Tuesday is Bloomsday, celebrated all over the world, the 111th anniversary of June 16, 1904, the single day (and night) when James Joyce’s “Ulysses” takes place.
It is my favorite book -- life through the sad and knowing eyes of a wandering middle-aged Jew, Leopold Bloom, who carries a pack of troubles around Dublin. People still care; The New York Times' book review carried two thoughtful essays on "Ulysses" last Sunday.
I read the book every five years or so. Picked it up the other night and came upon a group of men arguing about “Hamlet” and whether it really matters if we know who Shakespeare was. I cannot remember ever reading it.
I learned to love this book – and “learned” is the vital word – in the spring of 1962, when I decided to take one graduate course, the novel, at Hofstra, just to keep my brain alive.
Our first child was born during that semester, and so were the Mets, but “Ulysses” is clearly the third leg of that memorable trinity of experience.
The professor, William D. Hull, spent three weeks on “Ulysses,” imitating the voices of Bloom and his wife Molly and young tormented Stephen Dedalus and all the Dubliners. To this day, I love the Irish accent whenever I hear it. I always thought Dr. Hull was Irish or English but I just looked him up – and he was born in South Carolina.
Dr. Hull escorted us to the pubs and coves and hospitals and shops of a bustling city, letting us in on the puns and archaic language – agenbite of inwit, Kentish Middle English for “backbite of remorse,” as Dr. Hull translated it. (My friend Bob Waters at Newsday claimed to have named his dog ch. Agenbite of Inwit.)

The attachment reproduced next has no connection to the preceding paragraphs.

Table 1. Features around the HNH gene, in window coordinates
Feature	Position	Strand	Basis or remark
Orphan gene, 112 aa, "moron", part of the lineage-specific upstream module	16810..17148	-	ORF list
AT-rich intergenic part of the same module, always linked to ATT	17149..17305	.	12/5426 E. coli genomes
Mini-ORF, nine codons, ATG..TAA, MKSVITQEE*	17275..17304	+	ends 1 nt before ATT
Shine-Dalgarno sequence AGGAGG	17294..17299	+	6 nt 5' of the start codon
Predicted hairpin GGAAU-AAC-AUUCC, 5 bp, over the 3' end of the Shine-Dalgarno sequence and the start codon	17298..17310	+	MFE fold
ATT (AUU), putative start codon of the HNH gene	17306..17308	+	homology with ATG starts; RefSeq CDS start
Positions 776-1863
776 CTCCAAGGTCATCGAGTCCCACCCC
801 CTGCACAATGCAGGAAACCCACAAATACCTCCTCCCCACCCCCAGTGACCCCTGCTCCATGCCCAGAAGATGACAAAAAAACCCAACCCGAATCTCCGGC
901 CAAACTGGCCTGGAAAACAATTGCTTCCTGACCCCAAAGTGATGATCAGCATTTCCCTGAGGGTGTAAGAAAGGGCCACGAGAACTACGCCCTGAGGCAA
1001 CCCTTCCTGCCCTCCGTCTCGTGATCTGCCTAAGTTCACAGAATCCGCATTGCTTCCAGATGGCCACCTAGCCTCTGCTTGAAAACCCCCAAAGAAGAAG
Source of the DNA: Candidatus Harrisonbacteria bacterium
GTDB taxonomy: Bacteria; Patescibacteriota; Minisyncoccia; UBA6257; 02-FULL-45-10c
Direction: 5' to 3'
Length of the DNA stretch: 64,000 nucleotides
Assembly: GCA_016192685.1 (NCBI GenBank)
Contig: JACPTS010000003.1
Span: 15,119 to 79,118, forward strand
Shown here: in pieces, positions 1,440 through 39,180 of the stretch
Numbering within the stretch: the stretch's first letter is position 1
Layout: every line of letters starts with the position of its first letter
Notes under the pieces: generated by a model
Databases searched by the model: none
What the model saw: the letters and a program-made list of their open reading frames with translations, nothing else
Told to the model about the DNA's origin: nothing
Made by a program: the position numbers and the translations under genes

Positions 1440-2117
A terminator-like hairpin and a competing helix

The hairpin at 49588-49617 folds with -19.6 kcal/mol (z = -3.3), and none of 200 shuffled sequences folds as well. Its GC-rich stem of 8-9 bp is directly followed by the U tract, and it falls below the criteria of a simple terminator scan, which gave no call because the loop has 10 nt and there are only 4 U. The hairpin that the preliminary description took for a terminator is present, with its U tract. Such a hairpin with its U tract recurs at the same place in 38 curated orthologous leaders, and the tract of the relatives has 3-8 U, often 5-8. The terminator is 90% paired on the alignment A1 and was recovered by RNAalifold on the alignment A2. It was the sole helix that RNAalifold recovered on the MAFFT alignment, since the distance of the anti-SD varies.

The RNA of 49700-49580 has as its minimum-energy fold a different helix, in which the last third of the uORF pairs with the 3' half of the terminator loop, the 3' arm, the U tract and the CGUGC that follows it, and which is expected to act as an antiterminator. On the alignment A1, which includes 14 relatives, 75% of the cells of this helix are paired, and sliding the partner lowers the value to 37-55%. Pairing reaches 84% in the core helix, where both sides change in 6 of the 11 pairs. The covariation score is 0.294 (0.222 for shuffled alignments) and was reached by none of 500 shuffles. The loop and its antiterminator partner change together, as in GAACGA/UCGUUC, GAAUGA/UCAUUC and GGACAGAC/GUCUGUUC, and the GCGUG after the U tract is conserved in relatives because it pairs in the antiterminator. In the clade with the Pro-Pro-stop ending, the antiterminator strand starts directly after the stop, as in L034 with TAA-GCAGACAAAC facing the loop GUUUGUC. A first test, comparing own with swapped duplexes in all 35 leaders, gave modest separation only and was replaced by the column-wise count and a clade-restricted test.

After three weeks roaming Dublin with Leopold Bloom and Dr. Hull, I had written in ink in the margins of many pages, something I have never done since. I never took another course, as a blessed family life and career took over, but those weeks with Dr. Hull have stayed with me.
I have celebrated Bloomsday only once, taking our son David to Symphony Space in 1982 to hear Colleen Dewhurst, that vital earth mother whom I once interviewed, read Molly Bloom’s soliloquy. They are celebrating it again on Tuesday, alas without Dewhurst.
When my wife and I finally got to Dublin in 1993, we wandered to some of the sites in “Ulysses” and I took out my grandmother’s birth certificate, good enough for my Irish citizenship. That seemed the least I could do, to honor Joyce and Bloom and Dr. Hull, who passed in 1984. I hope other people treasure a course the way I do this one.
Even in this techno-world, when things hop around, Bloomsday is best experienced from a book with thick bold print, including letters that would be on my family coat of arms, if I had one -- KMRIA. Happy Bloomsday.
Measuring Covid Deaths, by David Leonhardt. July 17, 2023. NYT online.
The United States has reached a milestone in the long struggle against Covid: The total number of Americans dying each day — from any cause — is no longer historically abnormal….
After three horrific years, in which Covid has killed more than one million Americans and transformed parts of daily life, the virus has turned into an ordinary illness.
The progress stems mostly from three factors:
First, about three-quarters of U.S. adults have received at least one vaccine shot.
Second, more than three-quarters of Americans have been infected with Covid, providing natural immunity from future symptoms. (About 97 percent of adults fall into at least one of those first two categories.)